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Important Ice Safety Tips

by Shanine Sealey

Although winter is settling upon us and the cold weather sends a shiver down our spines, it is important to remember that it takes time for open water to freeze enough to be safe to walk on. The City of Martensville and the Martensville Fire Department are urging residents to ensure kids and pets remain off of the ponds as they are currently unsafe.

According to Canadian Red Cross (CRC), there are many factors that affect ice thickness including: type of water, location, time of year and other environmental factors (chemicals, fluctuations in water levels, water depth and size of body of water, currents, change in air temperature, etc.). The colour of ice can be an indicating factor into how strong it is, with clear blue ice being the strongest. White opaque, or snow ice is half as strong as blue ice and grey ice is unsafe, and indicates the presence of water. Some rough guidelines for clear ice to remember are:

– If ice is 2” or less thick – STAY OFF
– 4” thick can be used for ice skating or ice fishing
– 5”-6” can be used for snowmobiles and ATVs
– 8”-12” can hold cars and small trucks
– 12”-15” can hold medium trucks

If you are alone on ice and get into trouble, CRC recommends calling for help and resisting the urge to climb back out where you fell in as the ice is already weakened in this area. Use air that is trapped in your clothing to get into a floating position on your stomach and reach forward onto the broken ice without pushing down. Kick your legs to push your torso onto the ice. Once you have made it back onto the ice, crawl on your stomach or roll away from the open area with your arms and legs spread out as far as possible to evenly distribute your body weight and importantly, DO NOT STAND UP. Look for shore and make sure you are going in the correct direction.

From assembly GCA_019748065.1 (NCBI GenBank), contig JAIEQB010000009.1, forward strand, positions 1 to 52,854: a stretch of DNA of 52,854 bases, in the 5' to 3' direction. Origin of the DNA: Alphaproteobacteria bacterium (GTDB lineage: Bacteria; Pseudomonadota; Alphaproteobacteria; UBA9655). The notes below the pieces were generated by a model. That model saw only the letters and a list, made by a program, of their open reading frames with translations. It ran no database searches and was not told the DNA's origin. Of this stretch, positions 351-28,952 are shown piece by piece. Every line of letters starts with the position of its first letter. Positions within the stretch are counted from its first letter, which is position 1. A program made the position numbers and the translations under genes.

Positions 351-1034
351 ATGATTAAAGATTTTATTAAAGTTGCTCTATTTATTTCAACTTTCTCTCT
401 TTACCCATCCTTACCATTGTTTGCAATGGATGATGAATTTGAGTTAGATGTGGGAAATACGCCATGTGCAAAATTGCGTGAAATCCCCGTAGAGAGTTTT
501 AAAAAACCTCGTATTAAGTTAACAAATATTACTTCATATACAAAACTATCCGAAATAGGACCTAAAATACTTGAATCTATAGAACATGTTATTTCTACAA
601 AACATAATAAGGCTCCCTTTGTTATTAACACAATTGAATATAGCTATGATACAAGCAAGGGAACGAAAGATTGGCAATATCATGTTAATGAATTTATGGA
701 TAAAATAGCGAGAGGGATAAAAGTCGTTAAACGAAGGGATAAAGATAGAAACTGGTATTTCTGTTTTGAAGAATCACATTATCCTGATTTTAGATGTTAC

If you are with others on ice, CRC reminds us how dangerous it is to rescue another person from ice, and the safest way to perform a rescue is from shore. Firstly, call for help to have trained professionals attend and handle the situation accordingly. Once help is called, see if you can reach the person with a long pole or branch from shore – if so, lie down and extend the pole to the person. If you do go onto the ice, ensure you are wearing a personal floatation device and carry a long pole or branch with you to test the ice in front of you. Bring something to reach or throw to the person. When near the break, lie down to distribute your weight and slowly crawl towards the hole. Remaining low, extend or throw your emergency rescue device to the person and have the person kick while you pull them out. Once out, move them to a safe position on shore, or where you are sure the ice is thick and signal for help.

Watch for updates from the City of Martensville and the Martensville Fire Department regarding the safety of the ice in city limits and above all, be safe Martensville!

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